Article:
- Add the onions and pepper into the pot, cooking for 5 minutes, stirring frequently. Add the garlic in and stir constantly for 1 minute.
- Add in the following ingredients, stirring to combine: broth, bay leaf, thyme, cumin, remaining chile powder, hominy, ancho paste and tomato paste. Turn the heat down to low and let the soup simmer for 30 minutes or longer (30 minutes did it for us).
- Serve in bowl with lime juice squeezed over the top and add the garnishes on afterwards.
*Ancho chile peppers are actually just dried poblanos. If you’ve never seen one before, this is what they look:
**We got our Cotija cheese to break apart by using a fork as seen here:
***We roasted our jalapeños at 400 degrees for roughly 26 minutes but honestly, leaving the jalapeño raw might be just as good since they’d add a nice crunch to the dish which is missing otherwise.
Overall this was a great dish but for ourselves, we prefer Bush’s hominy over this brand. The soup tastes good before even adding the lime juice but afterwards it adds a nice touch of acidity and brightness to the soup ! Surprisingly, this was not a spicy dish and our 2 jalapeños (which we left the ribs and seeds in) that we chopped up were both 4 ¼-inches long !
We know that plating is not our strong point….yet ! But this is tasty and we’ll be making it many more times in the future.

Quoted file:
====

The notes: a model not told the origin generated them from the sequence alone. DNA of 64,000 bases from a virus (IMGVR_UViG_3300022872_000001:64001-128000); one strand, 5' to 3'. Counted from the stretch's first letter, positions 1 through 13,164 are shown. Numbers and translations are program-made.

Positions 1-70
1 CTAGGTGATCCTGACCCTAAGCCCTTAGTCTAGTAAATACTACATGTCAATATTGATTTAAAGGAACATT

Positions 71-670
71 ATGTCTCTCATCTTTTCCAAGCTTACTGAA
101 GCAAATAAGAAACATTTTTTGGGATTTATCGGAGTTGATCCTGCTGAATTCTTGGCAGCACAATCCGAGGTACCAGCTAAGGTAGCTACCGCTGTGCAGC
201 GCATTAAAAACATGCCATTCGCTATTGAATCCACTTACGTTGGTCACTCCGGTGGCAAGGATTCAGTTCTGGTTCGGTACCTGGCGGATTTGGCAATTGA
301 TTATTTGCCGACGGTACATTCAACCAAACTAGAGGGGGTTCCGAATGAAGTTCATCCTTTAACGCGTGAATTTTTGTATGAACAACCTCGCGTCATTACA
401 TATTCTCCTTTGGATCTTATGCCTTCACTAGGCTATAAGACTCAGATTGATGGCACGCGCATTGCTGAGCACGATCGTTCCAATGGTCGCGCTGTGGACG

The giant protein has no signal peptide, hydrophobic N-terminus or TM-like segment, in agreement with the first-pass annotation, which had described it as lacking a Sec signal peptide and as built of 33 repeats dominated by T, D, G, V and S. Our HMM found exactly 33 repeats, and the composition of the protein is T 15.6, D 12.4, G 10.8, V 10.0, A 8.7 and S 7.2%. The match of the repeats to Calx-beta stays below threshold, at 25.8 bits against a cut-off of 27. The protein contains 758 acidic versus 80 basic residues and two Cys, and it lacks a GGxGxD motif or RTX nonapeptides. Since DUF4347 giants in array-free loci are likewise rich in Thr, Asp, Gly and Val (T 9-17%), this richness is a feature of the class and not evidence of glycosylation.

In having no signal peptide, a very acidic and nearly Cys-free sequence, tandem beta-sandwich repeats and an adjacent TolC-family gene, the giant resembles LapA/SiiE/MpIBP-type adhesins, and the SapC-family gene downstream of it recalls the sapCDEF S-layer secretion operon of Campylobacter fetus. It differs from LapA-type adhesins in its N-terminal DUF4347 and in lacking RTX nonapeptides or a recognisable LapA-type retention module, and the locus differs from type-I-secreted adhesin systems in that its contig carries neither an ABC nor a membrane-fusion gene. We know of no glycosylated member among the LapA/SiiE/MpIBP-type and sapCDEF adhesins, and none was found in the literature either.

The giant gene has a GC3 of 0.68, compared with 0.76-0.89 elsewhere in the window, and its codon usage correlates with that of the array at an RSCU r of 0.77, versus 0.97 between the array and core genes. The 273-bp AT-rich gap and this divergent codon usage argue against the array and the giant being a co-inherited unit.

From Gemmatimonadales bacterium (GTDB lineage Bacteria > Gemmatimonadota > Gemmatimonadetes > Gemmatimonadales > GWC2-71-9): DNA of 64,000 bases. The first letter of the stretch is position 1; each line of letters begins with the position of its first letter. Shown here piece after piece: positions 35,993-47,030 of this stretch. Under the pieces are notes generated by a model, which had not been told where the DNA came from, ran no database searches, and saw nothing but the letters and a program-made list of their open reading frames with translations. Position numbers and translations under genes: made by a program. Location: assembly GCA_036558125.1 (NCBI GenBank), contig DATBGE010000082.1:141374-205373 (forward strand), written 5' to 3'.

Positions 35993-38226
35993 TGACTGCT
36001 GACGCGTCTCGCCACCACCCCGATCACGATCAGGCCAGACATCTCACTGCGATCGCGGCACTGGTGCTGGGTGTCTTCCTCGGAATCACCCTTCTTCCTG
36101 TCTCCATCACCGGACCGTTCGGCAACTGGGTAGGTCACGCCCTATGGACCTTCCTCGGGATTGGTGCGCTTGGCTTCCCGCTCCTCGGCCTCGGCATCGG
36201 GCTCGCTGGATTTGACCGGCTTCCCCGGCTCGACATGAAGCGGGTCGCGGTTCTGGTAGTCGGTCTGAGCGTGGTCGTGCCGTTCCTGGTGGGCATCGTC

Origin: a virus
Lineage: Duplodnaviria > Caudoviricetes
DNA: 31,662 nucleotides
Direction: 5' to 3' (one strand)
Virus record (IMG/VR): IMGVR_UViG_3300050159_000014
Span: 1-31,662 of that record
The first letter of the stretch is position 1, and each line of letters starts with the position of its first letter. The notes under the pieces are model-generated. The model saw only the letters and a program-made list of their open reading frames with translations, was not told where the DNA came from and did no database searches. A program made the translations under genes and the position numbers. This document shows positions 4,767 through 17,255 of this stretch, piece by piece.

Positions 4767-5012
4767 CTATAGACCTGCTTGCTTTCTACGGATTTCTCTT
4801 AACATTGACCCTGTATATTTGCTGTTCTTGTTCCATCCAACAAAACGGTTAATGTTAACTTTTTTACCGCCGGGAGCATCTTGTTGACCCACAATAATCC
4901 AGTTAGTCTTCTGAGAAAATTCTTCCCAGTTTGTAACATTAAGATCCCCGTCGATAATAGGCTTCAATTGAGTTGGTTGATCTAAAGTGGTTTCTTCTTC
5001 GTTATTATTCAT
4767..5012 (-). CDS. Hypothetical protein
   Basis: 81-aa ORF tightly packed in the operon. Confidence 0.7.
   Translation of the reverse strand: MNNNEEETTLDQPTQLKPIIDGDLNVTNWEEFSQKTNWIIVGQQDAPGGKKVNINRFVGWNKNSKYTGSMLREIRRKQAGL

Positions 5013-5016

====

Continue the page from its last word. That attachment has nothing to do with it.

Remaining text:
We got this recipe from Chile Pepper magazine.
We weren’t paid in any form to promote Juanita’s, Bush’s, or Chile Pepper magazine.
Take care everybody !
- 2 Tbsp. canola oil
- 4 lb. pork shoulder, trimmed, cut into 1-inch chunks, seasoned with salt and black pepper
- 3 cups diced white onions
- 3 Tbsp. minced fresh garlic
- 2 tsp. each ground cumin and dried oregano
- 1 tsp. ground coriander
- 1 dried bay leaf
- 4 cups low-sodium chicken broth
- 1 can tomato sauce (15 oz.)
- 1 can diced tomatoes in juice (14.5 oz.)
- 1 chipotle in adobo sauce, minced
- 1 Tbsp. adobo sauce
- 2 cans white hominy (15 oz. each), drained and rinsed
- ½ cup chopped fresh cilantro
- 2 Tbsp. fresh lime juice
- Sliced radishes and avocado for garnish
- Take a large pot out and pour the oil in, setting the heat to medium-high. Sear the pork in two batches*, making sure the chunks of pork are seared on all sides. Once the pieces are seared, place them on a plate for the time being. Turn the heat down to medium and toss in the onions. Cover the pot and let the onions sweat for 5 minutes or until tender (5 minutes did the job for us). Take the lid off and add in the garlic, cumin, oregano, coriander and the bay leaf, stirring constantly for 1 minute.
- Stir in the broth, tomato sauce, diced tomatoes, minced chipotle, adobo sauce and add the pork (we included the accumulated juice from the plate) in as well (add the pork slowly or it’ll start causing the soup to splash everywhere). Turning the heat up if necessary, bring the soup up to a boil. Put the lid back on the pot and turn the heat down to low afterwards. Let the soup simmer for 2 hours or until the pork is tender (2 hours worked for us).
- Take the lid off and mix in the hominy, cilantro and lime juice, adding in salt and pepper if you think it needs any.
- Take the pot off the heat and add the garnishes onto your own portion.